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cyclists gets instant justice

cyclists gets instant justice | Criminology and Economic Theory | Scoop.it
car was tailgating cyclists while doing a sprint at 30mph inches from his rear wheel. luckily a good guy cop stops him right on time.
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Wine Collector Set for Sentencing on Fraud Charges

The sentencing for a California wine collector convicted of selling fake wine was postponed on Thursday after his lawyers claimed that the government inflated the size of the fraud. Prosecutors allege that Rudy Kurniawan sold at least $20 million in fake wine — a calculation meant to...
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Man run over by own truck during road rage

Man run over by own truck during road rage | Criminology and Economic Theory | Scoop.it
A man in Florida apparently got a dose of road rage karma when police say he was run over by his own pickup truck after getting out to bang on another driver's window.
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Grim Details Emerge in FSU Professor's Shooting Death

Grim Details Emerge in FSU Professor's Shooting Death | Criminology and Economic Theory | Scoop.it
A law professor at Florida State University gunned down at his home Saturday shot in the side of the head at relatively close range, ABC News has exclusively learned.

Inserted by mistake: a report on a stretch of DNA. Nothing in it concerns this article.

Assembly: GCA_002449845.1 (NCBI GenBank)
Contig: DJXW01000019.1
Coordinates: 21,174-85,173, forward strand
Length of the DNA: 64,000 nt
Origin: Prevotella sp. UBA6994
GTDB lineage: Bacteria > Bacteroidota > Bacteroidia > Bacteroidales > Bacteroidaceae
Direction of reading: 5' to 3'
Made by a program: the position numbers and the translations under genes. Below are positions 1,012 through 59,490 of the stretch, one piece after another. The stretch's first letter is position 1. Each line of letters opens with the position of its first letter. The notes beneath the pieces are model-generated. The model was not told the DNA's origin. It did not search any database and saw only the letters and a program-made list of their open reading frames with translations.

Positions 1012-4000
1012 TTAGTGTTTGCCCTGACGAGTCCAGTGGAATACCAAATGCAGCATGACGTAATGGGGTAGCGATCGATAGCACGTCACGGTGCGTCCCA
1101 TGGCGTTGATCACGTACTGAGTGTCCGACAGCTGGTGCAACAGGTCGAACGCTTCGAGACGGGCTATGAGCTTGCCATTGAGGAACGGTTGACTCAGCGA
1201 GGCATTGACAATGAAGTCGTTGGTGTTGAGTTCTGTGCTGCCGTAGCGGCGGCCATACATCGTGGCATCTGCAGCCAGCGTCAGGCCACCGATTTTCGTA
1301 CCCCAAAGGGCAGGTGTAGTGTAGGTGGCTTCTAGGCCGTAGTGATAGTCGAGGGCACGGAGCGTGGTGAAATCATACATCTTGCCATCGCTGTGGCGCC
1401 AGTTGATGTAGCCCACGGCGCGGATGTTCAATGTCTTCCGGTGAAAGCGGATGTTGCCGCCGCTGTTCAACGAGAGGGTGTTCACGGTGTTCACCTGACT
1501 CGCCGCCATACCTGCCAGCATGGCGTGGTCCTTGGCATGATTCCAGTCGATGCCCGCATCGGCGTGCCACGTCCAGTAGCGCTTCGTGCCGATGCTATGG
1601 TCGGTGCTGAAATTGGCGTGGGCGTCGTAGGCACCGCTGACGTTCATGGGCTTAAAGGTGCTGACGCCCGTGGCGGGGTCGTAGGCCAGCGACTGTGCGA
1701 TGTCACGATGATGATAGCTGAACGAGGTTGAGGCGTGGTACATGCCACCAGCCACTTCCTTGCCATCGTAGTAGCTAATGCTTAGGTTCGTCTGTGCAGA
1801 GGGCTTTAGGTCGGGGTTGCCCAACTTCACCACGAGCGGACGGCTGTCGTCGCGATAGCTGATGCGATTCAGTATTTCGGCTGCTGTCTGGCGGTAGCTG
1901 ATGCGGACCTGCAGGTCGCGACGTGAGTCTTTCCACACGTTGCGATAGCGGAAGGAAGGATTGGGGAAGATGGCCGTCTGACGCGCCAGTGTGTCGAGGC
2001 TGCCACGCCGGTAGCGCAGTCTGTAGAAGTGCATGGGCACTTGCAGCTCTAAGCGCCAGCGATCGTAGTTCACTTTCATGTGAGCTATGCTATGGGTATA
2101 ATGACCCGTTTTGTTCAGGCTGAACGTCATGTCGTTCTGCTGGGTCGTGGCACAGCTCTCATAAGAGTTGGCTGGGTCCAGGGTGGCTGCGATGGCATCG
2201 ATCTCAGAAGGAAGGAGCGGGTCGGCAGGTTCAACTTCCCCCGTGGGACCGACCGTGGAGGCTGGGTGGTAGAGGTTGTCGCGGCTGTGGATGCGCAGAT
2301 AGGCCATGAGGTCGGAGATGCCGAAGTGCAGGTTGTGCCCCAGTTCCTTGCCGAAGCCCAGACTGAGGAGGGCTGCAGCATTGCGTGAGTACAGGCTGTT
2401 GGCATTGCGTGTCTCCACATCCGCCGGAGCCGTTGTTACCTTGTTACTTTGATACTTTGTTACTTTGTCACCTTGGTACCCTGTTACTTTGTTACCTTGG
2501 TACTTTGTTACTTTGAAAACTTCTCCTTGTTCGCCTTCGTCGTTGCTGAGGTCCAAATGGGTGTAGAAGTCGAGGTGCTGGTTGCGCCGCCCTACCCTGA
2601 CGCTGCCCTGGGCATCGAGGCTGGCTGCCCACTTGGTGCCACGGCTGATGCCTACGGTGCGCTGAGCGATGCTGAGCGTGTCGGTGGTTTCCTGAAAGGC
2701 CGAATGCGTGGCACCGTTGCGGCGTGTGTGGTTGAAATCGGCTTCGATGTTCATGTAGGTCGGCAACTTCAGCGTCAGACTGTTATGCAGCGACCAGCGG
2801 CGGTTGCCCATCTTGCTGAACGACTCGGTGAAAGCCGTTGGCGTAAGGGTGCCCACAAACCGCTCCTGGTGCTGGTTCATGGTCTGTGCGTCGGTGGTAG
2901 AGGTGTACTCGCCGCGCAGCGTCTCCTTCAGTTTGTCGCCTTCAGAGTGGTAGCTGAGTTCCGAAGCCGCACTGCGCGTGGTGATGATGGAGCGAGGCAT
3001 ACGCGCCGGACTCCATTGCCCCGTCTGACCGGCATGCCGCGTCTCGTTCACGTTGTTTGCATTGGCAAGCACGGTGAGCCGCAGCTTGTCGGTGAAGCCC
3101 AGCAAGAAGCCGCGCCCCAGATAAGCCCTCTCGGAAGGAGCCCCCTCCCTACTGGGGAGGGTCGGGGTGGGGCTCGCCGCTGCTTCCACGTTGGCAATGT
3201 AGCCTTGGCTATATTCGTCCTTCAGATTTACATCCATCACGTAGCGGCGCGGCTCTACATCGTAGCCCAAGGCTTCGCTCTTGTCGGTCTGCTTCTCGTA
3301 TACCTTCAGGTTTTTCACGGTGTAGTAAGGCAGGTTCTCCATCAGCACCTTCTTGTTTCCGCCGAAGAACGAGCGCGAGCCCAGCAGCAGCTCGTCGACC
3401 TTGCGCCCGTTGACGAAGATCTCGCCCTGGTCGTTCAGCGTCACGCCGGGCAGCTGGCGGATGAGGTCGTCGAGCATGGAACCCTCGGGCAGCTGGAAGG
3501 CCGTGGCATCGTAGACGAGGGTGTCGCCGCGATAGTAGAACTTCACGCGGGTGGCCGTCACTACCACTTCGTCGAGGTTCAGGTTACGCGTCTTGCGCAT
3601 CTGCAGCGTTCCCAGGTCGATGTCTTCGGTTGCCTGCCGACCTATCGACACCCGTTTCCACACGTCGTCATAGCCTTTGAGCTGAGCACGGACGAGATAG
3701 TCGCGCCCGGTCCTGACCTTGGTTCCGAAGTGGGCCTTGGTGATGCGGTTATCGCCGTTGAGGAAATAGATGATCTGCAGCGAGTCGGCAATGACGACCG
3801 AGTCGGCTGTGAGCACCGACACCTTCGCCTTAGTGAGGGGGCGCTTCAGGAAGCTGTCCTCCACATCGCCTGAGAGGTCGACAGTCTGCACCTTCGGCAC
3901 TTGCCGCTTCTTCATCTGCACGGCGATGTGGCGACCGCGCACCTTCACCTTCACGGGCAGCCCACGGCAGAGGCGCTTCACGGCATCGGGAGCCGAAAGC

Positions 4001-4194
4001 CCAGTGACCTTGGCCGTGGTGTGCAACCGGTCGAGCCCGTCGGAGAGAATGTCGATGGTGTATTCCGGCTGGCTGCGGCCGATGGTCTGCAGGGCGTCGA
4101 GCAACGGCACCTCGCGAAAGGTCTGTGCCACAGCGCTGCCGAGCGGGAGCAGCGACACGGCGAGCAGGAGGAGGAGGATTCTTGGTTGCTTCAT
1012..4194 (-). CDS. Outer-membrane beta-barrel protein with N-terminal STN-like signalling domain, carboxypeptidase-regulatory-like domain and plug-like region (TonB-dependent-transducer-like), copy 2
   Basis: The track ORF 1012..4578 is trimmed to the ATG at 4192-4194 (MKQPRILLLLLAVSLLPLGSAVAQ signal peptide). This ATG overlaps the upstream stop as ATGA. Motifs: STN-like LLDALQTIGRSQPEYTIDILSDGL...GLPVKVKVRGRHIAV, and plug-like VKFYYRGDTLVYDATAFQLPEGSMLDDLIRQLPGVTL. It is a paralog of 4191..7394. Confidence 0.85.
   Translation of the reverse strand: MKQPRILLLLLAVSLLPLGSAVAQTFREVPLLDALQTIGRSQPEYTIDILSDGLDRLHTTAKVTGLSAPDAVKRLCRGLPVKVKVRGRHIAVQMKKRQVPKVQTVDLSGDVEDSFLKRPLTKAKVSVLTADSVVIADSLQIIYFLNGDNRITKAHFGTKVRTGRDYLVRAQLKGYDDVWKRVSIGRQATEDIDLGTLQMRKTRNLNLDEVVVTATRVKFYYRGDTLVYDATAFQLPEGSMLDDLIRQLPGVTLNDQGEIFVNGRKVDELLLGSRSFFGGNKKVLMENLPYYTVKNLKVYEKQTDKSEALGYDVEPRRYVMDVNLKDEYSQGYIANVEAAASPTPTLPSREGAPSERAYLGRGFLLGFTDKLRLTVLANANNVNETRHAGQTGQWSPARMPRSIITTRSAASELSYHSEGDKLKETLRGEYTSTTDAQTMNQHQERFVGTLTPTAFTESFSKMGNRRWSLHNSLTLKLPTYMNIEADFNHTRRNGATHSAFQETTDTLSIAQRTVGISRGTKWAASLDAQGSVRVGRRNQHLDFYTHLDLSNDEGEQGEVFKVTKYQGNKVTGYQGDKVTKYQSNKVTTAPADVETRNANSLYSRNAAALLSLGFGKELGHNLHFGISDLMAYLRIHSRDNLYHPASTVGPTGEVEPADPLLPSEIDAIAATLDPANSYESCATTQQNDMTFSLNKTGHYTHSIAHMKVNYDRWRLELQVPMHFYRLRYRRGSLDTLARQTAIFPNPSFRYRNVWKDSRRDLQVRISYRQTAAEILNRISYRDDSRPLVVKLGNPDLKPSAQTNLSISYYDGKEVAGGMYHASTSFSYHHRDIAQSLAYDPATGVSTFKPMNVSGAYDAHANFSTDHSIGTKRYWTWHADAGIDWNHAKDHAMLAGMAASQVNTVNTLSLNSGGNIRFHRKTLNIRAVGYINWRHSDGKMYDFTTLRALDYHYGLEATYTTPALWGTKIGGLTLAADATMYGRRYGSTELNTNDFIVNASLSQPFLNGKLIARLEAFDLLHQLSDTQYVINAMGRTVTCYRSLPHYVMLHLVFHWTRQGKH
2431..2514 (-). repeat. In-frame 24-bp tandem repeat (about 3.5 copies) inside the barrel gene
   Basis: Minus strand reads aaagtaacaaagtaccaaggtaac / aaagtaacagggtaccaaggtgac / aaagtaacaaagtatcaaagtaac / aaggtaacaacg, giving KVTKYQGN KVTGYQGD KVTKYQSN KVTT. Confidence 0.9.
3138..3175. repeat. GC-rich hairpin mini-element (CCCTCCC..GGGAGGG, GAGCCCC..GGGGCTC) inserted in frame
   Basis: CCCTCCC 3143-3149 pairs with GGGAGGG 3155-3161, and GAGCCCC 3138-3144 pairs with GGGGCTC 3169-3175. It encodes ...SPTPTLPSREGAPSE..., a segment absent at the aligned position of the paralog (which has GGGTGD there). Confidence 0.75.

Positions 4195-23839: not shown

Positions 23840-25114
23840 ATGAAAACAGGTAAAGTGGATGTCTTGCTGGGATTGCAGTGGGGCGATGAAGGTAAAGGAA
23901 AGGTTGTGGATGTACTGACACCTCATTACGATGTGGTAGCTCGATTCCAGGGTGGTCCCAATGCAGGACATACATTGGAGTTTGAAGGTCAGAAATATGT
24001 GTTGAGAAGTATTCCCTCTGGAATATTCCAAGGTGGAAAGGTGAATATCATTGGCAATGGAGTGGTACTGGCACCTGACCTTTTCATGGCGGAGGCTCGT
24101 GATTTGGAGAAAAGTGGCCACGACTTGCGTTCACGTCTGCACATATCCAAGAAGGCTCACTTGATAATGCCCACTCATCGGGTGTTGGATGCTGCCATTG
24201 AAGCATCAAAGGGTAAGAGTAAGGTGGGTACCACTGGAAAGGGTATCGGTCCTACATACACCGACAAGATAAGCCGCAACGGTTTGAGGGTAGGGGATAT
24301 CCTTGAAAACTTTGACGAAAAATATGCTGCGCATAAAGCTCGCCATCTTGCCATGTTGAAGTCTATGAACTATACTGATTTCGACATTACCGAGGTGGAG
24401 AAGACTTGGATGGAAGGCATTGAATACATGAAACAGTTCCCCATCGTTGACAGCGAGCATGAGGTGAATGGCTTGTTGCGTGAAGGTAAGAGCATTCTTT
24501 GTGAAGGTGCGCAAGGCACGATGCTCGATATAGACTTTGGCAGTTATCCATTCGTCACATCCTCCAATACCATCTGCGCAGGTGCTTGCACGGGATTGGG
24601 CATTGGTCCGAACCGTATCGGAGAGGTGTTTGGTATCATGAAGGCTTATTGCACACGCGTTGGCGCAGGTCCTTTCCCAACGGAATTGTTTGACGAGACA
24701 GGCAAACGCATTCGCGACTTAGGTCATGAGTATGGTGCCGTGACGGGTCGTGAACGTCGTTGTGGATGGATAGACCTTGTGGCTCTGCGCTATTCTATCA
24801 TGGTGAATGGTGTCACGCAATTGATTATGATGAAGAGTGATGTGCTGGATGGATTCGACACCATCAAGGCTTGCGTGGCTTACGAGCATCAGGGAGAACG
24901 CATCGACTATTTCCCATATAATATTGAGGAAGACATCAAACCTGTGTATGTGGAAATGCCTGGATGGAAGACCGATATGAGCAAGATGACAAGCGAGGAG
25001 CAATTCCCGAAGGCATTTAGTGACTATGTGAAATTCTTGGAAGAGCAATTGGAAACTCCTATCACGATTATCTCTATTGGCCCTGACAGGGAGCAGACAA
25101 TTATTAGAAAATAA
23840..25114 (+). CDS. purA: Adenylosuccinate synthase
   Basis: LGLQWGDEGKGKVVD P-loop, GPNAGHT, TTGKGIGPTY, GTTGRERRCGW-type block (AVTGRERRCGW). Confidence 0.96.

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Not yum!

Not yum! | Criminology and Economic Theory | Scoop.it
Will you come back if we clean up our act? JUST a few months ago a meat-processing plant in Shanghai’s Jiading district won a food safety award. Shanghai Husi...
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WCC....and just yuck!

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Can cities break Geoffrey West's laws of urban scaling?

Can cities break Geoffrey West's laws of urban scaling? | Criminology and Economic Theory | Scoop.it
As I mentioned a couple of weeks ago, I recently read Geoffrey West's fascinating paper on urban scaling laws, "Growth, innovation, scaling and the pace of life in cities". The paper applies to cit...
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Predicting Urban Crime? There's an Equation for That - YouTube

Complete video at: http://fora.tv/2011/07/25/Why_Cities_Grow_Corporations_Die_and_Life_Gets_Faster Theoretical physicist Geoffrey B. West discusses his work ...
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Robert M. Purcell's comment, July 23, 1:20 PM